Illinois Central (#1006)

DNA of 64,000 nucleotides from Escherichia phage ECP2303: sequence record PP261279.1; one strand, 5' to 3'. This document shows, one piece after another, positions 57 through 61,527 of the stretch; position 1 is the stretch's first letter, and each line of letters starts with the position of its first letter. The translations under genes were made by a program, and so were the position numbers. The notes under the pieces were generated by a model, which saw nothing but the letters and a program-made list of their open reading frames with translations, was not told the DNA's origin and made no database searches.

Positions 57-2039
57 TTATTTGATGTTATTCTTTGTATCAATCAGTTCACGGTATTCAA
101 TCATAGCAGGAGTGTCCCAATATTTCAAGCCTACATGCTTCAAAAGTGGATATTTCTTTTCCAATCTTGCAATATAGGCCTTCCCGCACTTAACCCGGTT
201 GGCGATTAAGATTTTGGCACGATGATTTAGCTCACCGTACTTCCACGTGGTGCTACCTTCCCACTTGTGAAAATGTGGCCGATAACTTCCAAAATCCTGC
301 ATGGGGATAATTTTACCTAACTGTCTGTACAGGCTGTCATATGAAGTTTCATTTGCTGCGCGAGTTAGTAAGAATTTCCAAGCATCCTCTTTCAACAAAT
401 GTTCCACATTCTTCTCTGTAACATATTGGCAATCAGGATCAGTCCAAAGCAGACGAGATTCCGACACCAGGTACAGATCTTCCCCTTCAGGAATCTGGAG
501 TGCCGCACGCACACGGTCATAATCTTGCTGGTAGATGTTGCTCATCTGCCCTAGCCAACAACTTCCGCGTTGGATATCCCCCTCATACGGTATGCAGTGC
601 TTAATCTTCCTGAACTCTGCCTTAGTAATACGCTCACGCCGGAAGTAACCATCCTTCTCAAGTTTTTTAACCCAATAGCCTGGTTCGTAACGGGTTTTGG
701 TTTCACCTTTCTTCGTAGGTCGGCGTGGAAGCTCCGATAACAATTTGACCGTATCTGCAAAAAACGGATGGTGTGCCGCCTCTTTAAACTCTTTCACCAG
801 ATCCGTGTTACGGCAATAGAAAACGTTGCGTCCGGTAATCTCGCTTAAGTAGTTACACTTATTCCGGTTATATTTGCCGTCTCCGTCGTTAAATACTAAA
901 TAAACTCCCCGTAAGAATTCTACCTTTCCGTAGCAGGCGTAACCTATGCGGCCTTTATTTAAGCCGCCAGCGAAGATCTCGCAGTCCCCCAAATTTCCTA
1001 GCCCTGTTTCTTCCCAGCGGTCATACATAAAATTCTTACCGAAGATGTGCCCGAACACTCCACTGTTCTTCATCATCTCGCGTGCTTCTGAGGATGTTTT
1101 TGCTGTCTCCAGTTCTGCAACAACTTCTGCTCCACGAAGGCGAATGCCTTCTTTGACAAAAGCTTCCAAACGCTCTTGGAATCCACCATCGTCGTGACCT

The IC was one of the earlier Class I railroads in the US. Its roots stretch back to abortive attempts by the Illinois General Assembly to charter a railroad linking the northern and southern parts of the state of Illinois. In 1850 U.S. President Millard Fillmore signed a land grant for the construction of the railroad, making the Illinois Central the first land-grant railroad in the United States. The Illinois Central was officially chartered by the General Assembly in 1851. Upon its completion in 1856, the IC was the longest railroad in the world. Its main line went from Cairo, Illinois, at the southern tip of the state, to Galena, in the northwest corner. A branch line went from Centralia (named for the railroad) to the rapidly growing city of Chicago. In 1876 the Illinois Central extended its track into Iowa. Throughout the 1870s, and 1880s the IC acquired and expanded railroads throughout the southern United States. IC lines crisscrossed the state of Mississippi and went as far as New Orleans, Louisiana to the south and Louisville, Kentucky in the east. In the 1880s, northern lines were built to Dodgeville, Wisconsin, Sioux Falls, South Dakota, and Omaha, Nebraska. Further expansion continued into the early twentieth century.In 1972 the railroad merged with the Gulf, Mobile and Ohio Railroad to form the Illinois Central Gulf Railroad. Over the next several decades, the railroad spun off most of its east-west lines and many of its redundant north-south lines, including much of the former GM&O. Most of these lines were bought by other railroads, including entirely new railroads, such as the Chicago, Missouri and Western and Chicago Central and Pacific Railroad. Amidst all these spin-offs, the ICG dropped the "Gulf" from its name and again became known as the Illinois Central Railroad. In 1998 the IC was purchased by Canadian National Railway (CN). As time passes, the IC identity is slowly fading through CN's maintenance and repainting programs, although some CN locomotives retain the IC reporting marks on their cabs.